The Mets’ fever finally breaks. The Braves take a 2-1 lead into the fourth, but the Mets open the inning with six straight singles off Maddux. Then John Olerud blows the game open with a grand slam home run to give the Mets a stunning 8-2 lead. Leiter is dominant the rest of the way and the Mets win, 9-2.

It’s the first time the Mets have experienced the joy of victory in 10 days, but enthusiasm is muted. “There’s a little relief, but then you realize it’s one game and you’ve got to come back to win tomorrow,” Ventura says. “We’ve got four games left and we need to win them all.”

“We still have to go out and do it tomorrow,” Bobby Valentine says. “There’s no real magic even though we feel like we’re due some good things. I think we have at least a week of good things coming.”

THURSDAY, SEPT. 30: The good things don’t happen tonight as the Braves take a 4-3 victory in 11 draining innings. The game is a microcosm of the Mets season: The Mets were down and they come back. The Mets are down and they come back. The Mets have some moments of brilliance which make you believe something special is about to happen.

The most brilliant moments occur in the eighth inning. In the top of the frame, the Braves load the bases with none out and a 3-2 lead. But Pat Mahomes gets Andruw Jones to ground to Ventura, who touches third and throws home to Mike Piazza, who tags Chipper Jones for the second out. Ozzie Guillen flies out to end the inning.

In the bottom of the frame, Edgardo Alfonzo hits a solo homer with two outs to tie the score. “Fonzie hit the home run and Pat got out of the jam with the double play ball to third,” Olerud says. “Those were big plays, and turned in those situations keep you in ballgames. I thought those were good signs.”

It’s also a good sign when Armando Benitez throws two shutout innings, but Brian Jordan leads off the top of the 11th with a triple and scores on Andruw Jones’ sacrifice fly. The Mets go down meekly against Terry Mulholland in the bottom of the 11th and fall two games in back of the Reds and Astros with three to play.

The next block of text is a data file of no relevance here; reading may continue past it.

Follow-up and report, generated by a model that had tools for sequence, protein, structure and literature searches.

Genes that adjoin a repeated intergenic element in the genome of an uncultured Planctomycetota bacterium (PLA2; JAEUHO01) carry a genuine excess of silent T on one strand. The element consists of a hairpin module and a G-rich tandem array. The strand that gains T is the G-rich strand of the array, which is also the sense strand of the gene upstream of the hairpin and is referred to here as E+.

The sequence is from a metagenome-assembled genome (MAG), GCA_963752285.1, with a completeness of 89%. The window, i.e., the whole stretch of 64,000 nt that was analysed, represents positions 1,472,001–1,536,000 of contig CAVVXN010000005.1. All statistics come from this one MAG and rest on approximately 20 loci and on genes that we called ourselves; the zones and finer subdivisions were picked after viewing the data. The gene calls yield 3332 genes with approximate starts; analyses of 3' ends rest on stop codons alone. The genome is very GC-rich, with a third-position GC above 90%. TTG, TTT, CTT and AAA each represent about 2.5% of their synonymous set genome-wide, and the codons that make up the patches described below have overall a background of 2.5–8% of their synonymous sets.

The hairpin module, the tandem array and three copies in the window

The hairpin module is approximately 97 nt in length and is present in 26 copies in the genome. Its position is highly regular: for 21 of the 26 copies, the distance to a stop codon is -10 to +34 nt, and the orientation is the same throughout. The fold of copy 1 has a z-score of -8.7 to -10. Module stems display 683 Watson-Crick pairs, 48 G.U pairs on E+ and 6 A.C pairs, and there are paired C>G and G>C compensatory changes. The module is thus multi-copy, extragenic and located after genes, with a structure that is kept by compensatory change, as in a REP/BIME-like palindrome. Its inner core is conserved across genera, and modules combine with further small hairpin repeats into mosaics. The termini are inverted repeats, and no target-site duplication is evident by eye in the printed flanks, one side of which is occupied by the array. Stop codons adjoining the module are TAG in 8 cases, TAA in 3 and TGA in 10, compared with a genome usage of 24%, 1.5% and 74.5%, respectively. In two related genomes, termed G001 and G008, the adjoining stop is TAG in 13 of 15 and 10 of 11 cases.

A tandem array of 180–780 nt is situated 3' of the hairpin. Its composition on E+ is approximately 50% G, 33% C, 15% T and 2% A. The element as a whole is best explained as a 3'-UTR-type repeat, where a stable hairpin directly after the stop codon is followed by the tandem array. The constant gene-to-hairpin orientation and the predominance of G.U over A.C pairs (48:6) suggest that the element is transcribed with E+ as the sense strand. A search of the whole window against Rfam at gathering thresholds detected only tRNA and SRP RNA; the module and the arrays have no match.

“I think knowing you have the last at-bat, you go to the eighth, ninth, 10th and think there’s a shot, but we just didn’t do it,” Ventura says. “You gotta keep playing hard, no matter what, and hope for one of them [the Reds or Astros] to lose and we’ve gotta run it out.”

FRIDAY, OCT. 1: It seems as if New York has given up on the Mets. There’s only about 20,000 people in the stands at game time and the pre-game radio talk centered on what the Mets will do next year.

But Kenny Rogers is brilliant on the mound as he strikes out a career-high 10 and he enters the eighth with a 2-0 lead thanks to homers by Ventura and Piazza. But Rogers departs with runners on first and third and John Franco eventually allows the tying hit to Warren Morris.

Then, with the bases loaded and two outs, Franco falls behind 3-0 on Adrian Brown. With the season on the line, Franco comes back and fires three straight strikes to punch Brown out. Franco leaps off the mound and races into the dugout.

Finally, in the bottom of the 11th, the Mets load the bases against Scott Sauerbeck and Ventura delivers the winning hit. He rounds first with the rest of the Mets in celebratory pursuit—symbolic because Ventura has been the Mets’ leader all year—and leaps into the arms of Piazza at second.

“I think everybody looks for the worst instead of hoping for the best,” says Mahomes, who earns the win with two scoreless innings. “My mom called me today and she says ‘I still think y’all gonna make it’ and I still think we’re gonna make it. Until we’re eliminated I still believe we’re gonna make it. All we can do is handle what happens at Shea, we can’t handle what happens at the Astrodome or County Stadium.”

The Mets learn during the game that the Dodgers have beaten Houston and that the Reds have blown a 3-0 lead against Milwaukee. The team sticks around the clubhouse to watch the final innings of the Reds-Brewers game and rejoices when Ron Belliard delivers the game-winning hit for Milwaukee in the bottom of the 10th.